• Hello Grace, thanks for reading, from what I understand from other trekkers that did the route, trekking to Gokyo independent is completely possible. This should add about an extra 4 days to your trek from Kala Pattar to Dzongla, from Dzongla over Chola Pass to Thagnak, from Thagnak to Gokyo, from Gokyo to Dole, from Dole to Namche Bazaar, you will also need a rest day or two and time to see the lakes. Hiking to EBC with Gokyo is often done in about 16 days. We have not done this so I am telling you this on hear-say and would recommend you do more research. Goodluck and safe travels

  11. Hi, Thanks for the detailed article on this, I am doing EBC in late September 2018, i couple of quick questions, it would be great if you could help me out on this
    1.Can we hire porters on spot from Lukla itself, at what cost?

    2.Can we hire a guide maybe from Dingboche to Dingboche/Periche, at what cost? as to what I’ve understood by reading numerous blogs, till Dingboche there is no need of guide as the path is well laden and we can seek help from locals in case required.

    3. What would be approximate permit cost for an Indian for doing the EBC?

    4. What is the current state of Salleri to Kathmandu roads? can they be considered for returning after EBC?

    5. How strenuous it would be to trek from Lukla to Salleri & how much time will it take?

    6. If we do it independently without any operator, will spot booking an accommodation in tree houses be a challenge? (our travel dates, 20th September to 6th October)

    Thanks in advance.

    • Stingy Nomads

      Hi Shivam, thanks for reading. You can hire a porter in Lukla, the advantage is you do not have to pay for a flight for him. The problem is that trekking permits are different depending if you use staff or not, apparently best way to stay within the rules here is to organize a porter through an agency in Kathmandu to meet you in Lukla.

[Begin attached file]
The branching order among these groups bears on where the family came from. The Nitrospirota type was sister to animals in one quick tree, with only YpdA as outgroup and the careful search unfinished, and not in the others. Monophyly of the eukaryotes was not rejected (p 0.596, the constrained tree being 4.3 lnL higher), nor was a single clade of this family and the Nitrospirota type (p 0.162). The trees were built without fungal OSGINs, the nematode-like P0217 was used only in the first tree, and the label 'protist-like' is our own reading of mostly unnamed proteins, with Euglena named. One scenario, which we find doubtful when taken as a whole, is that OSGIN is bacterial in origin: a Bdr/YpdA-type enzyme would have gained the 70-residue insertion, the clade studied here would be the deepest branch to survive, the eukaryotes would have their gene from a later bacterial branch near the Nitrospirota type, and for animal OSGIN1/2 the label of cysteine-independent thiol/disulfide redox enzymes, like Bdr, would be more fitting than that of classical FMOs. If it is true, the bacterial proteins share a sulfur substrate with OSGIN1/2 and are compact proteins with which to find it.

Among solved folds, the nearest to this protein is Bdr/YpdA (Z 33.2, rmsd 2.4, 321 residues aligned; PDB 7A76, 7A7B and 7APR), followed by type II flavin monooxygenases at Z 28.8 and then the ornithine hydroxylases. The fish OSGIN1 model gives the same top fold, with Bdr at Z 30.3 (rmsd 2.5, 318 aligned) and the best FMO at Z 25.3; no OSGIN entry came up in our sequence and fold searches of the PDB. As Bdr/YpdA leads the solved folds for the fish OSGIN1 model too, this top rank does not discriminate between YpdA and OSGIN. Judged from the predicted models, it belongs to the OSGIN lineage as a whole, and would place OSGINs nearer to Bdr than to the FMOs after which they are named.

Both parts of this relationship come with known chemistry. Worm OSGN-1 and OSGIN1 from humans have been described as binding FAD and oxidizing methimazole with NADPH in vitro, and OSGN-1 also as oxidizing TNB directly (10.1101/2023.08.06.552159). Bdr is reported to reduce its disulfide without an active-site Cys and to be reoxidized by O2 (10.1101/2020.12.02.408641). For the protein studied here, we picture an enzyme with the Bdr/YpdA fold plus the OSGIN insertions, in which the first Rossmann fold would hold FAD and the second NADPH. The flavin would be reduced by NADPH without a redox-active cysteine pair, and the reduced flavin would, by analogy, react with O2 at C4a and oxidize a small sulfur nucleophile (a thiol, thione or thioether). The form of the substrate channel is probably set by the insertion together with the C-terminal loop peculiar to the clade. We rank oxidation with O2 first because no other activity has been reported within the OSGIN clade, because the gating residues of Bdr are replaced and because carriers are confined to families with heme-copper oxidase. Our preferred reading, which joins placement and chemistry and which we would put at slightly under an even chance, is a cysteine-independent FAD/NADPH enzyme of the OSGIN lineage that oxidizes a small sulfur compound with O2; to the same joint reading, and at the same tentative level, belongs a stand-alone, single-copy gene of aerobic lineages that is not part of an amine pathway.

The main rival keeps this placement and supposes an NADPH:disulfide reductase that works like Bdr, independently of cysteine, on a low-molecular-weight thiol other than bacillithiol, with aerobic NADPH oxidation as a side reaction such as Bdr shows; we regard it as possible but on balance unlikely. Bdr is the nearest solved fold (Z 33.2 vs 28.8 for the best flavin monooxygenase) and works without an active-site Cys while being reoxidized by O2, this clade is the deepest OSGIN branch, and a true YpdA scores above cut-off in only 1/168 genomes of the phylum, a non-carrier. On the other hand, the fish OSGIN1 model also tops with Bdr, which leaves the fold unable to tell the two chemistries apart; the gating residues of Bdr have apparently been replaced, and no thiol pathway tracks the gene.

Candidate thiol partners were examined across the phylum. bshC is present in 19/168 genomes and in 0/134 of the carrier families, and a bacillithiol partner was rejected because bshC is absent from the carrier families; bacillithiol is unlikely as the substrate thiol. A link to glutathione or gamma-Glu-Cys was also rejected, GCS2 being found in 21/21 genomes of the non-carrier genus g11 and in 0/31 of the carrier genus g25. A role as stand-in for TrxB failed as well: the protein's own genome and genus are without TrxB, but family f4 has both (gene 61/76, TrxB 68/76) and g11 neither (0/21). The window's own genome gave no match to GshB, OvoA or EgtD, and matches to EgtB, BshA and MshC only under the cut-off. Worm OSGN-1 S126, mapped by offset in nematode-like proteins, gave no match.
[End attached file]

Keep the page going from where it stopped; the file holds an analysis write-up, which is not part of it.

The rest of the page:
We thought the trail was clear to follow the whole way, you might be able to find a guide at Dingboche at a tea house or can ask at an agency in Kathmandu.
      EBC permits http://www.everestbasecamptrek.org/permits-necessary-everest-trek/
      Lukla to Salleri was not a very steep trail compared to the rest and took us 2 days.
      I think without booking anything you should get available tea houses in every town.
      safe travels!

      • Thanks Alya& Campbell for reverting but you missed on cost front for porters and guide, it would be great if you give me an estimate for hiring porters exclusively from Kathmandu and guide from Dingboche.
        Also current situation of roads from Salleri to Kathmandu.

        • Stingy Nomads

          Hello Shivam, we live in Cape Town, South Africa, not Nepal. We share our experiences in this travel blog, aiming to help as much as we can with your travels at no cost. The best way to find the info you are looking for would be to contact a couple of agencies in Nepal and compare the prices, they will also be able to tell you the state of the road, from what I found on recent forums online, the state of the road seems to be good enough to hike. Goodluck!